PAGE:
Last week I went to Toronto. Not because I had any strong urge to visit Toronto. At least, not for just one night, only to turn around and fly back home again the next day. It wasn't what you might call a vacation.
The trip was for my bioscan appointment with Worldbridge, the people who handle the UK immigration stuff here in Canada. I got a digital photo taken (which I didn't even ask to see, because I have seen my passport photo, and have decided it's just better not to know how I am going to be immortalized on my Visa.) Got my hand scans done. Gave them all my documentation. Yes, that three inches of accumulated paper that took us months to get together. It got some raised eyebrows I have to say. Turns out most people don't supply them with half a forest worth of paper. But they asked for proof of relationship. And boy did we give it to them. In short form, even. If we'd given them all of the proof of contact we had, it would have required clear-cutting about a thousand acres of old growth forest.
I was politely informed it could take up to three months for my application to be processed.
I'm sorry...WHAT? Three months. Seriously?
Apparently so. Which kind of makes completely useless all of my lovely plans to travel on the sixth of November. Or even the assumption that I will be with My Guy before Christmas. Trying very hard not to think of that right now. Although, I may get to visit the pleasant man with the John Denver wig at the airport again when I am forced to change my flight. That'll be nice.
It all went terribly smoothly and blah, blah blah. Nothing much exciting about the whole thing. The plane trip both ways was smooth as glass, no turbulence. Mom and I made it through the flight with no motion sickness, not a batted eyelash from either of us. And then we both managed to almost pass out on the elevator ride up to the 25th floor of the Eaton Centre for my appointment. And no, I don't understand that any more than you do.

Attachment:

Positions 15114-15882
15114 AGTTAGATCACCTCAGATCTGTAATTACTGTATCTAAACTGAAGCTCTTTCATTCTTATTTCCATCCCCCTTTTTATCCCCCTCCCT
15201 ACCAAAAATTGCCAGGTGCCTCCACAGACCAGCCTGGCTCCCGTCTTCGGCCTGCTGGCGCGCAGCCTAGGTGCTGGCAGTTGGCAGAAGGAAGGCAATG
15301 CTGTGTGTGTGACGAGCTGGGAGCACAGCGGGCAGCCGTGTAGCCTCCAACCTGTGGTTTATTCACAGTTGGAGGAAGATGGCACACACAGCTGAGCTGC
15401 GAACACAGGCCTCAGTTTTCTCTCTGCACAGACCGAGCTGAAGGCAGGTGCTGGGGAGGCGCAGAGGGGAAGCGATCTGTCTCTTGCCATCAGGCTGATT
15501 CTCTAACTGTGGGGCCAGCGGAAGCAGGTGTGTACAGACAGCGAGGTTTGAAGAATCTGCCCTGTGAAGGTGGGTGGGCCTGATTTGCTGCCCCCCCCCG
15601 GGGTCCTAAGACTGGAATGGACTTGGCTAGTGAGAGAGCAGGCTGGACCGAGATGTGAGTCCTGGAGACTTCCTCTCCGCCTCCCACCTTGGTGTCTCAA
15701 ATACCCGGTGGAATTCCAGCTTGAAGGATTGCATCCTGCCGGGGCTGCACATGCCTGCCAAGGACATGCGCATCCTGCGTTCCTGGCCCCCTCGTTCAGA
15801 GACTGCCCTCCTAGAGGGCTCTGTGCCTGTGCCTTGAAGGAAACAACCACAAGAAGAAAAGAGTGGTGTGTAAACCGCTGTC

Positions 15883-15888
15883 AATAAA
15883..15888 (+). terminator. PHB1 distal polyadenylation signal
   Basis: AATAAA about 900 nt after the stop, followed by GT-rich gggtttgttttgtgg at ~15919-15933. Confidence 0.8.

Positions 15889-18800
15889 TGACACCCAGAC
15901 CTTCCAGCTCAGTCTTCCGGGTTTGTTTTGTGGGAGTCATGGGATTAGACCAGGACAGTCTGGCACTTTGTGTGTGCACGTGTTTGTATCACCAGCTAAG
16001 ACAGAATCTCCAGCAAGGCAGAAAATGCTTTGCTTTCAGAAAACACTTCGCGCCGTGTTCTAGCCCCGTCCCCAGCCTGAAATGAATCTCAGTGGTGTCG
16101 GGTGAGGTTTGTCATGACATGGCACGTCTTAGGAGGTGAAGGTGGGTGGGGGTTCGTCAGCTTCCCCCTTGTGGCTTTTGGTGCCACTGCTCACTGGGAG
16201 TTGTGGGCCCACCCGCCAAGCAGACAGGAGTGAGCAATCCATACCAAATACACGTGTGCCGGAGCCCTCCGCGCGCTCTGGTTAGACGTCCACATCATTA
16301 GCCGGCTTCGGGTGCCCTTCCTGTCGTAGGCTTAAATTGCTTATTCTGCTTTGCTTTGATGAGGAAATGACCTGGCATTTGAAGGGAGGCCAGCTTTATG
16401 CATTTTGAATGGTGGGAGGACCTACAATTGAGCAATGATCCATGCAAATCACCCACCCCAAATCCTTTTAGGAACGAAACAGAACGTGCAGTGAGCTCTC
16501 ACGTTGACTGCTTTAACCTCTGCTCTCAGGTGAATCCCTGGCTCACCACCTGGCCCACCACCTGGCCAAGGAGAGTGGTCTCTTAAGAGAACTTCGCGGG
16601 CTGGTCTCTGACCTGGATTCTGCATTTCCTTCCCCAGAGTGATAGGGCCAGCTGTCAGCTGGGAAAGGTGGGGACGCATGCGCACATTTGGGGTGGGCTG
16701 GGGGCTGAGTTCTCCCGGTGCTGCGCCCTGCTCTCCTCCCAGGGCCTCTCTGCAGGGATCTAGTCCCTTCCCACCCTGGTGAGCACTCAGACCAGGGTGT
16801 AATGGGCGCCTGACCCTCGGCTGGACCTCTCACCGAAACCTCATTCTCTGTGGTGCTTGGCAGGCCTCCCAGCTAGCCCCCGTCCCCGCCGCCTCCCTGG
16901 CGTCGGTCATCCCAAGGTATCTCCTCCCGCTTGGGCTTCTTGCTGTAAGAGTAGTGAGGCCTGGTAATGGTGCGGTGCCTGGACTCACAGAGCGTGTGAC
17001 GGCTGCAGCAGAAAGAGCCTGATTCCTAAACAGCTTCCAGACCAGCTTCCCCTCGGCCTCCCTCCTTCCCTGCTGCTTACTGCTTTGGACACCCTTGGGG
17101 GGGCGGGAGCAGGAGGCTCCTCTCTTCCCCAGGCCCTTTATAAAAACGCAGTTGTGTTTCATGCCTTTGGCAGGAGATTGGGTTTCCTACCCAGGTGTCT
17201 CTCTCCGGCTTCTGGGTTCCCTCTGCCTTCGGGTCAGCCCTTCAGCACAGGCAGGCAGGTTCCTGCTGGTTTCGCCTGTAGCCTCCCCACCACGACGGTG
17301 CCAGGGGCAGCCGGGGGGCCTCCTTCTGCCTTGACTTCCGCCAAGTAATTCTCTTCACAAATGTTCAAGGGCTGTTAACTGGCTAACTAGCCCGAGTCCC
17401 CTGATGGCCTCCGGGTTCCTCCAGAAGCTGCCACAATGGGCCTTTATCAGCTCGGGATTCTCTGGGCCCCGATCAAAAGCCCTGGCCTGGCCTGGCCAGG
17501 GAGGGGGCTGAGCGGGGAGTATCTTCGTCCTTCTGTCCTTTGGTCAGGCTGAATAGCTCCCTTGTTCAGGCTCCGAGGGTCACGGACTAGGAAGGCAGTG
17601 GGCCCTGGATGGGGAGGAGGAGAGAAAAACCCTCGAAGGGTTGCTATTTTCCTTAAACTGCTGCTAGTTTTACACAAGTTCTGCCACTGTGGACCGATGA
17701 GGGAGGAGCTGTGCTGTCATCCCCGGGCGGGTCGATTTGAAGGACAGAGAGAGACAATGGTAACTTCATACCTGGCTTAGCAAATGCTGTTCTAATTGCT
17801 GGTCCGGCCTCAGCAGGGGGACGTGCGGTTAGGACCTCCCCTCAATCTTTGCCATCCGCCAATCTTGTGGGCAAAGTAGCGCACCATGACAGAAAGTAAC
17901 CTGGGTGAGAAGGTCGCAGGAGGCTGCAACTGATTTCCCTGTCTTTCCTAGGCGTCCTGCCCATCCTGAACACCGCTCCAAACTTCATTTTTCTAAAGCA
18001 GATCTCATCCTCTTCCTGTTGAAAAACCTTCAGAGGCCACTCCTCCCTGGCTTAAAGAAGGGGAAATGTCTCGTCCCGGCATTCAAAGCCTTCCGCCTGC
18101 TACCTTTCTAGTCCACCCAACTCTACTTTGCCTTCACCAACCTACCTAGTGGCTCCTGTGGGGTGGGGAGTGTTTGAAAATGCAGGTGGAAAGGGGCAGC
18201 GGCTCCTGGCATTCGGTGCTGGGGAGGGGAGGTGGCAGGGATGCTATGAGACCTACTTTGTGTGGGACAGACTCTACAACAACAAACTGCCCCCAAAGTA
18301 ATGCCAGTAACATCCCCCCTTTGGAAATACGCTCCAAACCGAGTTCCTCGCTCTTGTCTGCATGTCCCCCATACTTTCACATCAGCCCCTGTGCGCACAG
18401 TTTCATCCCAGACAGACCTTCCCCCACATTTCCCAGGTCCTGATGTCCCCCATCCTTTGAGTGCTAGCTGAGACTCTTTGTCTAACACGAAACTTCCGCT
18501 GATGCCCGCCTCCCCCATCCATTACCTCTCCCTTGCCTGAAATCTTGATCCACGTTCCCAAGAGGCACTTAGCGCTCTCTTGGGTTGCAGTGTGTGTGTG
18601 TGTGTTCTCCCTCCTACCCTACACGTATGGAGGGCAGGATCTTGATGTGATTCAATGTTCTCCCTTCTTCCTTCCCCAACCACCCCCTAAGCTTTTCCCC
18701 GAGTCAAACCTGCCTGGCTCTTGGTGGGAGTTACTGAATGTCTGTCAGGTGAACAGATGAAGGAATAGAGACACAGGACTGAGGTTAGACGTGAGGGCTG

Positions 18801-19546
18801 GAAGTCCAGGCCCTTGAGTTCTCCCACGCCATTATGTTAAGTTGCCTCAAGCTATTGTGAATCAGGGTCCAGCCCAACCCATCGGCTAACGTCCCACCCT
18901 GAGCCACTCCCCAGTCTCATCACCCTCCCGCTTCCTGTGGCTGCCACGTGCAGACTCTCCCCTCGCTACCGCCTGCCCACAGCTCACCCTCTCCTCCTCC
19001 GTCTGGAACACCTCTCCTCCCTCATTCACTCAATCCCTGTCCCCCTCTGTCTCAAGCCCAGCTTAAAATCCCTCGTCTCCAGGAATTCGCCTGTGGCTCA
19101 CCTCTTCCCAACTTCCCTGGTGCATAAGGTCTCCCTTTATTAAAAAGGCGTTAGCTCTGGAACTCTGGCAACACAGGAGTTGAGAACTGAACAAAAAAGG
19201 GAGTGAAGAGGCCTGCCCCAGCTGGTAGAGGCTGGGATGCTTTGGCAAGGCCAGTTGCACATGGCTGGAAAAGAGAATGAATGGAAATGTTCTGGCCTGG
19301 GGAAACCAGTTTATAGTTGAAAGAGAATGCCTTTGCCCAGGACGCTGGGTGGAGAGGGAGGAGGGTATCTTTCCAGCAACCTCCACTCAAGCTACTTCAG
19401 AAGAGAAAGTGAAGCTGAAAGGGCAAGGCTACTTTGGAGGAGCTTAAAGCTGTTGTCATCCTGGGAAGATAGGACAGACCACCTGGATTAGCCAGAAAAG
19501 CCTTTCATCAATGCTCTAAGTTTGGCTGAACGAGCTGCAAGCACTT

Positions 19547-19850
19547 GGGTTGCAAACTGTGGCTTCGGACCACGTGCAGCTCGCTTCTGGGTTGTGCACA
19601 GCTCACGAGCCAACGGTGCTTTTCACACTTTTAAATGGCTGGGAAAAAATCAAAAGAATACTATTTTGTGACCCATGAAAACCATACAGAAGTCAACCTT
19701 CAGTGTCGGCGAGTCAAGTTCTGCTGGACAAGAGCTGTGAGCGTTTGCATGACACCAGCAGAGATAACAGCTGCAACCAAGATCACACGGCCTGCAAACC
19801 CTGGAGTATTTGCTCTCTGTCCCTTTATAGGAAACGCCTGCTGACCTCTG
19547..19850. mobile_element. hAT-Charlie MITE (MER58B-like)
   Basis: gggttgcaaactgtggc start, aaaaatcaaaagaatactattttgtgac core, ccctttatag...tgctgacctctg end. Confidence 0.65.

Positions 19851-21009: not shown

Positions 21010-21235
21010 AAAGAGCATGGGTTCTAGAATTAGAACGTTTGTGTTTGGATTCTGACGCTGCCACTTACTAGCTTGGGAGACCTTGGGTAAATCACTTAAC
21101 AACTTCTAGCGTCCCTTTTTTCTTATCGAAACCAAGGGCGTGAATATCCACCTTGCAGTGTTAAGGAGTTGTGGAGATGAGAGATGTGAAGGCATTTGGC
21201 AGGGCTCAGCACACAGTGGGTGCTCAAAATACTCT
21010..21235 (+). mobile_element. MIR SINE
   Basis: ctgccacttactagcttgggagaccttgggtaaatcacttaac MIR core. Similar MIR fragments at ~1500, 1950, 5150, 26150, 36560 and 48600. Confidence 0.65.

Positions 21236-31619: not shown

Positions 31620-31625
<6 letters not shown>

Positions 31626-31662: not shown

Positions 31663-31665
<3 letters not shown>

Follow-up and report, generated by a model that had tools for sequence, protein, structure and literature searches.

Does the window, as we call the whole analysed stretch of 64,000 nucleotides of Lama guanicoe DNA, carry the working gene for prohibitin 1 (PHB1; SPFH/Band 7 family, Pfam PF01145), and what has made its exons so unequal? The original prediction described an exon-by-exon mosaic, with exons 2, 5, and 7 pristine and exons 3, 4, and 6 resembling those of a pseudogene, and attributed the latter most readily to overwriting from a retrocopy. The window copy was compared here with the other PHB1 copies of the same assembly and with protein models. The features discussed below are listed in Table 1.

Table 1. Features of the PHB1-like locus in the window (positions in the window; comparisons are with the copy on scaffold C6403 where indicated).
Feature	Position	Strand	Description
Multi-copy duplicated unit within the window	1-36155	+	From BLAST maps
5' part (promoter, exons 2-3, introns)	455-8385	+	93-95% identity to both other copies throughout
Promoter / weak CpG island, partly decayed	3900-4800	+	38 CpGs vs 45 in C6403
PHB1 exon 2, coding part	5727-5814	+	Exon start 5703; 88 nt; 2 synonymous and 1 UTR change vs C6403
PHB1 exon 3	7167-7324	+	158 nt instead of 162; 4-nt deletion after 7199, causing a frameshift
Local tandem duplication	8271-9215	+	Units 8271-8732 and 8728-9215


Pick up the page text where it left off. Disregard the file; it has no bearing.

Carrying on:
Most of our time in the big city was spent walking Yonge street. Mostly because it is very hard to get at all lost if you stick to one street. And there was a whole lot to see on Yonge Street and it's immediate cross streets. We poked our way through a lot of interesting little shops, until I got so tired I lost interest in exploring even such wonders as the Roots store. So we made our way back to the hotel by way of the biggest bookstore I have ever seen, to spend our remaining hours in T.O. curled up on couches in the hotel lobby.
Ahhhh, yes. The hotel. That little gem our travel agent found for us, only blocks away from the Eaton Centre and what passes for affordable in downtown Toronto at only $179 a night for a one bed room.
We should have known, eh?
Now, as far as first impressions go, it made a fairly good one. The lobby was impressive, with shiny floors and comfy couches and uniformed bellmen waiting to take your baggage to your room. It was a bit confusing with several different desk areas and no really clear signs telling you where to go. But once we actually found the place to check in, things seemed nicely on their way to a pleasant stay.
I opened the door to the room and immediately decided it was a very good thing I am not claustrophobic. It was tiny, with just enough room for the bed, wardrobe, desk, and two chairs that took up every available inch of wall space and then some. Mom and I were sharing a bed, our budget being somewhat minimal for this little excursion and Toronto being not so friendly to the frugal. The bed was not huge, but was the central feature of the room, with just enough space to walk around it.
Now, my mother is....hmmm. A bit OCD when it comes to cleanliness. And not one to bite her tongue when it comes to critical comments. I'm not saying she didn't mention the dubious hygiene of the coffee maker, which looked like it had been wiped down with a smeared dust cloth at best, and had likely never been actually washed. Or that she didn't wrinkle her nose at the state of the bathtub and sink, both of which I am pretty sure were hastily swiped with the same cloth that had left those charming streaks all over the not-so-shiny metal coffee pot. Or that she didn't point out that there was no possible doubt that the splotchy green bedspread had been used and abused by (possibly centuries worth of) guests before us without the benefit of a trip to the washing machine. Or that we didn't both cringe just a bit at the filthy carpet, which looked like it had never seen the business end of a vacuum cleaner and had mysterious staining throughout, including under the bed.